Mumbai: A village named Dhasai located around 100 km from Mumbai is using cash after becoming the first cashless village in the country post demonetisation. Villagers of Dhasai used net banking and online apps to do the transactions. Even Vada pavs were bought using cashless transaction.

However, the cash is back and PoS machines now remain unused. The villagers are not able to swipe their cards as they don’t know how to use them. There are many members in a family but with only one card in their hands, other members have to keep cash with them for daily chores.

Those who open new accounts, get their debit cards immediately but those who apply later, get their turn after fifteen days.

The village had embraced ‘cashless economy’ on December 1 after a month of demonetization. Dhasai is spread over around 2,700 acres, and is home to a population of around 5,000 – a mix of traders and farmers. The village serves as the central market, healthcare centre and banking centre for at least 27 nearby villages, quotes The Indian Express.

“Hardly anybody uses an ATM card to pay. Often, the machine fails to connect to the server so it’s a hassle,” said a villager.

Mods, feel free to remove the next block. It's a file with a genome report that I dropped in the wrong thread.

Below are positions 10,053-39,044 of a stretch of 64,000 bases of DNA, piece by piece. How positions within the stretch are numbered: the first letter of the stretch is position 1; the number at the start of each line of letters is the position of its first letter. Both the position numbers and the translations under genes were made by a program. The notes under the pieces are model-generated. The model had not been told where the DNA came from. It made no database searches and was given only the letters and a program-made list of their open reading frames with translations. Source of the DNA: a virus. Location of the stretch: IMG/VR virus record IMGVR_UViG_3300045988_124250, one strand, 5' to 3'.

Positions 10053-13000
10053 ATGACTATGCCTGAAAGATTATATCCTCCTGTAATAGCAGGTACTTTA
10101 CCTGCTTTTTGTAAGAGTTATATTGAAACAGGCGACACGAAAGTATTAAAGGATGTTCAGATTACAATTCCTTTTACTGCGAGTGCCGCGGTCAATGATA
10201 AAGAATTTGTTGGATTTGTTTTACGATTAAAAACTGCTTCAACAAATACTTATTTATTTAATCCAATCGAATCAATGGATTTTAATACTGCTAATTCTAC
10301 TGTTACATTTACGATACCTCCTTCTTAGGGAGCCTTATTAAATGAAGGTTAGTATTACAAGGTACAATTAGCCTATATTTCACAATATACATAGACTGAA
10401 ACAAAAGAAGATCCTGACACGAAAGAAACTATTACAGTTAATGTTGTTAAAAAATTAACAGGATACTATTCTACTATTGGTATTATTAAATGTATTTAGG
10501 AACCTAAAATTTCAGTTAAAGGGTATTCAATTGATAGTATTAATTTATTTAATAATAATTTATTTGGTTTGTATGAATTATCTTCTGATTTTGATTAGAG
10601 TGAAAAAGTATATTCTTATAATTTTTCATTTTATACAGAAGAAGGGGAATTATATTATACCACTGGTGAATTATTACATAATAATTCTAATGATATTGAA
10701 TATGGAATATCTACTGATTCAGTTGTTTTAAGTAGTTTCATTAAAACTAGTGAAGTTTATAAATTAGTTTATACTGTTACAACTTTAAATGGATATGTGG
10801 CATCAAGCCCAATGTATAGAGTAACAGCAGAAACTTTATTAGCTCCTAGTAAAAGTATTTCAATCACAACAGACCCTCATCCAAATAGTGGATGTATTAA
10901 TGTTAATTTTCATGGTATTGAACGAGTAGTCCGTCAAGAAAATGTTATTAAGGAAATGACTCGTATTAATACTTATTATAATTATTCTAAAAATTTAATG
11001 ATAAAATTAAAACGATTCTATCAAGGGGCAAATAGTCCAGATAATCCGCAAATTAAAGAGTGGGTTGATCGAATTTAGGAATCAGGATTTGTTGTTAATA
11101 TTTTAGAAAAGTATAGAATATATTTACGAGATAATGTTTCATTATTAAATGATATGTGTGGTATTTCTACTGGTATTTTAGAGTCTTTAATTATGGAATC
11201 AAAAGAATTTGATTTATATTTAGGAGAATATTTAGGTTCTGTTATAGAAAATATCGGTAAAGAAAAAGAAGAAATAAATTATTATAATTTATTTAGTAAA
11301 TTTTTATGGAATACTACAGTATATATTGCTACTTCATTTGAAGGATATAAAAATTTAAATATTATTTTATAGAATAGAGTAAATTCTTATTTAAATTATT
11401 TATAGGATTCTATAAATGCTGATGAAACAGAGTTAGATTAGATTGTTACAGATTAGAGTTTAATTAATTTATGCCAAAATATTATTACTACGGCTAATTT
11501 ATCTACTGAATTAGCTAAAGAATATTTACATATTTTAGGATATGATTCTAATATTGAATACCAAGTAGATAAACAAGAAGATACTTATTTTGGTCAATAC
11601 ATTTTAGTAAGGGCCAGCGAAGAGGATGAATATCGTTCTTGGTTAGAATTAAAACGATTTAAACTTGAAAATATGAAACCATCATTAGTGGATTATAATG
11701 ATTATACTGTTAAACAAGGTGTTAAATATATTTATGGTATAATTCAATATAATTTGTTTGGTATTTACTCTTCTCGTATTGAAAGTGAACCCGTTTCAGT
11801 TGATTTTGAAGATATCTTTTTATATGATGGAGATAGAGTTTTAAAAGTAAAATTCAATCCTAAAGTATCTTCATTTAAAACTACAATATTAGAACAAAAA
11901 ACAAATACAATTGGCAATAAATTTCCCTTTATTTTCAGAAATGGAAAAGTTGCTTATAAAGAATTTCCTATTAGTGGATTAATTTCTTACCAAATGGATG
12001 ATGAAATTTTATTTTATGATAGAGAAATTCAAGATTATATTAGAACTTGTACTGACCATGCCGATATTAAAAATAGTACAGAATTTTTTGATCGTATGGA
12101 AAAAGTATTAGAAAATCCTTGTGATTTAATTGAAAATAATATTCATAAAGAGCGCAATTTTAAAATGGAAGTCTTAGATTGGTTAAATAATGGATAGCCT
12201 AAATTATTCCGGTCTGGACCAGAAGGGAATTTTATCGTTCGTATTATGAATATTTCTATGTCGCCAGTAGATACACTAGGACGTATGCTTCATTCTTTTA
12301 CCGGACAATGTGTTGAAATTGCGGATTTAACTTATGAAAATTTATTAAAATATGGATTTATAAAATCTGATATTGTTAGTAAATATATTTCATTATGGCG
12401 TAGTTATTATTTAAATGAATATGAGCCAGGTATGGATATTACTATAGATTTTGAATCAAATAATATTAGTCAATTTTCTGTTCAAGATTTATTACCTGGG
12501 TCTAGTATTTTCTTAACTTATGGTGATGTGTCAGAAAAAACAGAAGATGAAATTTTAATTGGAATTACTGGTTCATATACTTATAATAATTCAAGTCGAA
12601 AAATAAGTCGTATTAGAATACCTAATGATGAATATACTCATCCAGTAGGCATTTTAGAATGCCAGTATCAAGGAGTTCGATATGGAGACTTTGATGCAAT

A woman who came to Dhasai to buy a saree paid in cash, said: “I don’t know what cashless means. I have never used an ATM card.”

Swapnil Patkar, president of the traders’ association of Dhasai, said: “When a third of the population does not own ATM cards, despite having bank accounts, how can we go completely cashless?”

There are two banks in the village. “New account holders get ATM cards immediately and we issue cards to those who apply for one. It takes about 15 days to process the request,” said a bank’s branch manager, Ashok Warghade.

Moreover, there are misconceptions among villagers over the authenticity of card or cashless payments, said Patkar.

According to bank officials, around 30 percent of villagers are illiterate and can’t use cards. “I have a Jan Dhan account but I don’t know how to use an ATM card, let alone do mobile banking. My children and grandchildren use it sometimes,” said Gajanan Ghulap, a farmer in his 70s.

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